Spandrels are byproducts of evolution. They arise due to the evolution of one trait, but this unintended trait may not have any function.
Take a look at this picture:
That is the Arch of Constantine in Rome, a type of triumphal arch that is situated between the Colosseum and Palatine Hill. A triumphal arch served as a gateway for the victorious Roman army when it came back home after winning a war.
This particular one was erected to celebrate the victory of Constantine I’s victory over the tyrant ruler Maxentius in the Battle of Milvian Bridge in 312 AD. On it are beautiful collages of the past Roman emperors who had ruled before Constantine. It is easy to imagine Constantine walking with his chest filled with pride as he walked through the arch, the emperors of yore congratulating him on his supreme victory.
If we removed the decorative elements on the corners of the arch, the arch is still structurally fine (although now we probably have an angry emperor on our hands). The triangular portion just above the arch could be called a byproduct.
These parts of a building (most commonly seen in the construction of arches or domes) have a name—spandrels. As formally defined by the Oxford Dictionary, a spandrel is “the almost triangular space between one side of the outer curve of an arch, a wall, and the ceiling or framework.”
The makers of the arch probably didn’t design the empty triangles on the corners specifically for Constantine’s happiness. How could you allow Constantine to enter through a plain-faced arch? How embarrassing!
Spandrels are seen everywhere in architecture, but spandrels don’t only exist in man-made structures; they are found in nature as well!
In 1979, two evolutionary biologists (among various other titles), Stephen Jay Gould and Richard Lewontin, published a paper titled “The Spandrels of San Marco and the Panglossian Paradigm: A Critique of the Adaptationist Programme”.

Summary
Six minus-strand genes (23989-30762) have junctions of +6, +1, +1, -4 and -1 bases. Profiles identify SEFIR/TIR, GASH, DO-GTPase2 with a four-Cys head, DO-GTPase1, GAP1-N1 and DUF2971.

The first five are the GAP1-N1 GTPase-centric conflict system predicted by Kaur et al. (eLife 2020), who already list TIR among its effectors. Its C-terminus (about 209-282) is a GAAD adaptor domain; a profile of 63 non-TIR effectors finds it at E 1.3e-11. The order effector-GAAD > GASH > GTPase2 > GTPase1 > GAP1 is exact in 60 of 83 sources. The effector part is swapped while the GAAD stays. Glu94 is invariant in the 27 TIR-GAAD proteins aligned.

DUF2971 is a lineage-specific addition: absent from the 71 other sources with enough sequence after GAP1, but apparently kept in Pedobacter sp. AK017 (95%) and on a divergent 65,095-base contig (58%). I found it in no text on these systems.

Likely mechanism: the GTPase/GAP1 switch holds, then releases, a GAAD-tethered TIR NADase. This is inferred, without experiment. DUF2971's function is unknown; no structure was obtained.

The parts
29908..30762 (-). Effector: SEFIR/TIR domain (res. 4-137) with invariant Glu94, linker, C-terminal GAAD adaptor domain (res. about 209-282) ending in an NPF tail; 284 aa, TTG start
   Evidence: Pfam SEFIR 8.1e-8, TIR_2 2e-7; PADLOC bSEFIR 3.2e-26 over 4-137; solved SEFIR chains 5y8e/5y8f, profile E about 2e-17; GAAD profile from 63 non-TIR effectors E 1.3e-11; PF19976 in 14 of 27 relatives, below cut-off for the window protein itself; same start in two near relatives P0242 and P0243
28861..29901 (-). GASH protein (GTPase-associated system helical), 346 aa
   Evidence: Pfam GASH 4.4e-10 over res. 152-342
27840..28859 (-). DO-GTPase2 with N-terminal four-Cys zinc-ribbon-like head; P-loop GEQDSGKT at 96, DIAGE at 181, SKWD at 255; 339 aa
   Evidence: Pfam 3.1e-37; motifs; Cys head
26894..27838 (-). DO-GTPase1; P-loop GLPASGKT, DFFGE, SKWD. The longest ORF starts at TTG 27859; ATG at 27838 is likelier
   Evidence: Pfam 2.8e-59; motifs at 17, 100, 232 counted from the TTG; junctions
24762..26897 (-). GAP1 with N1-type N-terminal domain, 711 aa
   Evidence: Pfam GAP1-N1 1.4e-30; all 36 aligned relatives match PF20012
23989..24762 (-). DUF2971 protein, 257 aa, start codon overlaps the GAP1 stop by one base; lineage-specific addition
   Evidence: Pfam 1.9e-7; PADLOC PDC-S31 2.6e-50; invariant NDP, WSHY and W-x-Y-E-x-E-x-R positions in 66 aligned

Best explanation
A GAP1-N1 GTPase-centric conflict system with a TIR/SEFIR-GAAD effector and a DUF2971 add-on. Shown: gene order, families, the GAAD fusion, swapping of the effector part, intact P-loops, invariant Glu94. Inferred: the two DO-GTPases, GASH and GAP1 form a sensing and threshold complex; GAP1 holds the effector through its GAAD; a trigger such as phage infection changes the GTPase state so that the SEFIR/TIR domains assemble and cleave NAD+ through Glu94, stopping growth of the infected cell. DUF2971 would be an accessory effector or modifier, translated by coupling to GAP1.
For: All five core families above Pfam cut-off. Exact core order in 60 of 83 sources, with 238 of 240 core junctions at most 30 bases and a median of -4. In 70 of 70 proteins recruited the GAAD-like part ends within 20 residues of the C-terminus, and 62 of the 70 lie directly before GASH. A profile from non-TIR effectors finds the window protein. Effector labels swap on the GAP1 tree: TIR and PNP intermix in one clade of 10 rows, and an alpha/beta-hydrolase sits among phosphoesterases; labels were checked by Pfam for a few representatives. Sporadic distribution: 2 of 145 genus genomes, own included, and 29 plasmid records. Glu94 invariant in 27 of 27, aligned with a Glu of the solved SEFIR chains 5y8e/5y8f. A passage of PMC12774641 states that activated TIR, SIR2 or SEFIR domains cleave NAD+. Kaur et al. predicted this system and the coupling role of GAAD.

What are spandrels in biology?
Gould and Lewontin defined a biological spandrel as a byproduct of evolutionary adaptation. They are necessary ‘leftovers’ created because some other trait had evolved. This means that the spandrel isn’t an adaptation to anything in the environment. Instead, it is a secondary trait that arose from the development of another primary trait.
The easiest spandrel to visualize is the human chin. On hypothesis about why humans are the only animals that have a chin is that it is merely a byproduct of the growth of different parts of the jaw.
The development of the jaw was an adaptation to the kind of food humans used to consume during our good old prehistoric days. The chin is a secondary trait that developed because of the first jaw adaptation. This secondary trait isn’t an adaptation to any specific environmental conditions. The evolution of the chin, in isolation from the jaw’s evolution, would mean very little to the animal’s survival.
This proposal of a trait that served no adaptive purpose was a critique of the thought that every trait is an adaptation and has been selected for through natural selection.
The Panglossian Adaptationist
Dr Pangloss, in Voltaire’s novel, Candide, is one of the most optimistic fictional characters ever created. His ‘all for the best attitude’ is on clear display in quotes like, “Things cannot be other than they are… Everything is made for the best purpose. Our noses were made to carry spectacles, so we have spectacles. Legs were clearly intended for breeches, and we wear them.” Gould and Lewontin’s ‘spandrels’ paper critiques this Panglossian optimistic adaptationist view of evolution.